Once I was a youth, full of aspirations, new ideas, hopes, and dreams of a better and just world. And now, 10 years later, I’m older but no different than the self I had. But very few youths in our Indigenous communities were and still are as fortunate as I have been. Lack of opportunities, crisis of leadership, and denial of accessing spaces to voice their opinions have created a despair among these youths, despite—despite—having full potential to contribute toward or even to lead this movement against racial discrimination. Creating enabling environments for these youths, bridging generation gaps between the elders and the youth, and building solidarity and facilitating collaboration among youths from different ethnicities have been my priority since my early days as a rights defender.
Esteemed guests, the global scourge of racism and xenophobia cannot be eradicated instantly, neither can we hope for a just world in a given number of years. This endeavor is a continuous work in progress that my fellow awardees understand too well. To move forward, however, we need to ensure that rule of law prevails in our countries within open and democratic governments that are accountable to citizens. And within ever-shrinking civic spaces in many countries, activists are dealing with impact of curbed freedom of speech and freedom of press that reduces our ability to communicate and to amplify awareness on these pressing issues. So this Global Anti-Racism Champions Award is significant in that aspect, as it is amplifying each of our voices and will be integral in increasing our visibility of our unique but interconnected struggles to achieve racial equity and justice.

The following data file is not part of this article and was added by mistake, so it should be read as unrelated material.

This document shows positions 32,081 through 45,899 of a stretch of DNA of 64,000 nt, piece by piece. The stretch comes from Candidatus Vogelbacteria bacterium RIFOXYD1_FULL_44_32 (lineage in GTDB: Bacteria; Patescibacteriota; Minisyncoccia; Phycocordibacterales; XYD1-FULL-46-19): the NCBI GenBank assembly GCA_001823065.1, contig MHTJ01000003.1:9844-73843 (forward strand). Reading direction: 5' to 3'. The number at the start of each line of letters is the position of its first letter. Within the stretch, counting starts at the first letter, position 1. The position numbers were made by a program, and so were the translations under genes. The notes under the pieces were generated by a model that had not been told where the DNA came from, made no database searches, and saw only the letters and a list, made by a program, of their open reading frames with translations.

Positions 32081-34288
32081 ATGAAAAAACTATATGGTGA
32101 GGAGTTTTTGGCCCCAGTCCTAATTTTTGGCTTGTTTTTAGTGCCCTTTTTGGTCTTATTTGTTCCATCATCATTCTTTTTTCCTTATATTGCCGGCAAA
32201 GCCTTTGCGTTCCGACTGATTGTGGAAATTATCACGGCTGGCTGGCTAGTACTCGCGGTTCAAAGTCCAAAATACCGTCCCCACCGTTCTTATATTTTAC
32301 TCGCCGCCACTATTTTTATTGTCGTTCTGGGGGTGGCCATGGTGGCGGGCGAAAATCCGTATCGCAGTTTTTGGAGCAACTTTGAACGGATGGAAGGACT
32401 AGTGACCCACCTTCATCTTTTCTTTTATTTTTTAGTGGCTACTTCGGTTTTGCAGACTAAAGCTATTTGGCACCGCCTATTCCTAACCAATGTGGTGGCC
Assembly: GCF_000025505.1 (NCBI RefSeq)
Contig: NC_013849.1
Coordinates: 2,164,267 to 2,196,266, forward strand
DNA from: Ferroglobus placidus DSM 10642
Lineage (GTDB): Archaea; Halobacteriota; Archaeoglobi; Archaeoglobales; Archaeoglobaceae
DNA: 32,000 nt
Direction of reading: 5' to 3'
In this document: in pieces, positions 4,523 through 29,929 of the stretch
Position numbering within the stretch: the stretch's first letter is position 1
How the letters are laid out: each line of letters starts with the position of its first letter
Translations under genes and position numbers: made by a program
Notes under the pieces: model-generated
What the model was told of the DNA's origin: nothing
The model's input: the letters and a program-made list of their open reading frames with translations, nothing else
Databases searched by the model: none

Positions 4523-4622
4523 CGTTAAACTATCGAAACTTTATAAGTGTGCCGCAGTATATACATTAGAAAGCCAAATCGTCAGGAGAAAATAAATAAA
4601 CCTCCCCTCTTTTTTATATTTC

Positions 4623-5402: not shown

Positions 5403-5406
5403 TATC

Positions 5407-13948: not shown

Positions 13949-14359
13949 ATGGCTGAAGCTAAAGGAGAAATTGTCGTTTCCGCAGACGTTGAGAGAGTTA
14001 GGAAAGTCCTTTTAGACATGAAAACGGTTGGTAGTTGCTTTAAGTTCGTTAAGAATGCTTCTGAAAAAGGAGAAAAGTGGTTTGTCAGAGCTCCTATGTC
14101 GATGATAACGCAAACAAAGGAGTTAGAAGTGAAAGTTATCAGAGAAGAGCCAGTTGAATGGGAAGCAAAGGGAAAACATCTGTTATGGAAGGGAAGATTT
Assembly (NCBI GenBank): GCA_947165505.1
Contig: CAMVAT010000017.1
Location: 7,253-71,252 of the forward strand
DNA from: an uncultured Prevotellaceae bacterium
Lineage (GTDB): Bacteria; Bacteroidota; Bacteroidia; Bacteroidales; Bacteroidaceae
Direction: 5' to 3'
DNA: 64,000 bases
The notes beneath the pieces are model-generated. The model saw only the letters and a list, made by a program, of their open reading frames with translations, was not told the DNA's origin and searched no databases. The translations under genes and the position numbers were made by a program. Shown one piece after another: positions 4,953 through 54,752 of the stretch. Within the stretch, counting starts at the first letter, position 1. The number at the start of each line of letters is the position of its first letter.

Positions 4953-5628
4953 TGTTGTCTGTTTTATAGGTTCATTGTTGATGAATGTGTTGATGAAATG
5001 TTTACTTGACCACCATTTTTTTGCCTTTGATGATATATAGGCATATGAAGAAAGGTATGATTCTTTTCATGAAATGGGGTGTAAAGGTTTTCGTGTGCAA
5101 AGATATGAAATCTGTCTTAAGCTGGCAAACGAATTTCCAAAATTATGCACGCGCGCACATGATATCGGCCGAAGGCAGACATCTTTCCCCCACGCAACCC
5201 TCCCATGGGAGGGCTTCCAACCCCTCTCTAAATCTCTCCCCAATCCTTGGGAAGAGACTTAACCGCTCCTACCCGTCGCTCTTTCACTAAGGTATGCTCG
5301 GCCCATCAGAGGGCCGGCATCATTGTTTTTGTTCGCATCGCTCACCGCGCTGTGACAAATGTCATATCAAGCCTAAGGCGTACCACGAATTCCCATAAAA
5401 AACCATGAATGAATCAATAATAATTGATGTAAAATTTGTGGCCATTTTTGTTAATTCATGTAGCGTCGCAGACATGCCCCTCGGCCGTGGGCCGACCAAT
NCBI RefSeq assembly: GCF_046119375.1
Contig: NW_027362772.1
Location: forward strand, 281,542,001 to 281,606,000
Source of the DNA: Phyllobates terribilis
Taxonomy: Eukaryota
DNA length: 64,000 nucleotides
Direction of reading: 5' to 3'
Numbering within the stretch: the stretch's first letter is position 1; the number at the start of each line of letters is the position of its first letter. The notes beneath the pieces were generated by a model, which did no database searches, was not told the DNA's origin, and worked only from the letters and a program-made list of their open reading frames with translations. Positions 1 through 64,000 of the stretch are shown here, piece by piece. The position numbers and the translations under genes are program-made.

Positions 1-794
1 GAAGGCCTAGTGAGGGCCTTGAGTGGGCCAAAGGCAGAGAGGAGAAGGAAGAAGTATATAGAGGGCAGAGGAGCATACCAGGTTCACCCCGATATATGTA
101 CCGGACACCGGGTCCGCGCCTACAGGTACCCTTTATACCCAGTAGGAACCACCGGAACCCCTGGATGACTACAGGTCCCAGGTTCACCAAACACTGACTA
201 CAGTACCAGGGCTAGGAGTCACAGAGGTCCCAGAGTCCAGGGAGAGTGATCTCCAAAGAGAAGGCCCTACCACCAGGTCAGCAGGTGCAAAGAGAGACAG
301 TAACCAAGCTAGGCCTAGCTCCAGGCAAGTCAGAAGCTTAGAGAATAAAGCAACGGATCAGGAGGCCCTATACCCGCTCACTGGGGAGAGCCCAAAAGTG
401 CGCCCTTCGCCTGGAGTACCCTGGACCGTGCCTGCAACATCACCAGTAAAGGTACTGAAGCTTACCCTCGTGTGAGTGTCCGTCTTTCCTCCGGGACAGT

And on that note, before I end my speech, I would like to assert that no one—and absolutely no one—can become a champion without [the] efforts of countless others and without their support, small or grand. To me, this award is not a testament of my achievement, it is a recognition of our collective effort, our achievements. Hence, I’m dedicating this award to all my fellow human right defenders—the elders and the youths alike—and rural Indigenous villagers from Bangladesh, the most genuine, the most resilient people I’ve been ever fortunate to work with, to interact with, who have supported me through and through.
Ladies and gentlemen, claiming rights as a person from racially discriminated communities is challenging, but claiming rights as a woman from those communities poses heightened challenges, which I, like other human – women human rights defenders around the world, are constantly trying to overcome. The path to justice is never meant to be easy, and efforts are made to silence our voices over and over again. Yet, I’m here, we are here standing our ground, and we are determined to strengthen and uplift the next generation of leaders and champions in solidarity with everyone around the world who are fighting against racial discrimination and structural injustices to build a better and a just world for all.
Thank you all.
Buddhism is a minority religion in Bangladesh, practiced by just 0.61 per cent of the population, according to census data for 2022. Muslims make up 91.04 per cent of the population, Hindus constitute 7.95 per cent, Christians 0.3 per cent, and others 0.12 per cent.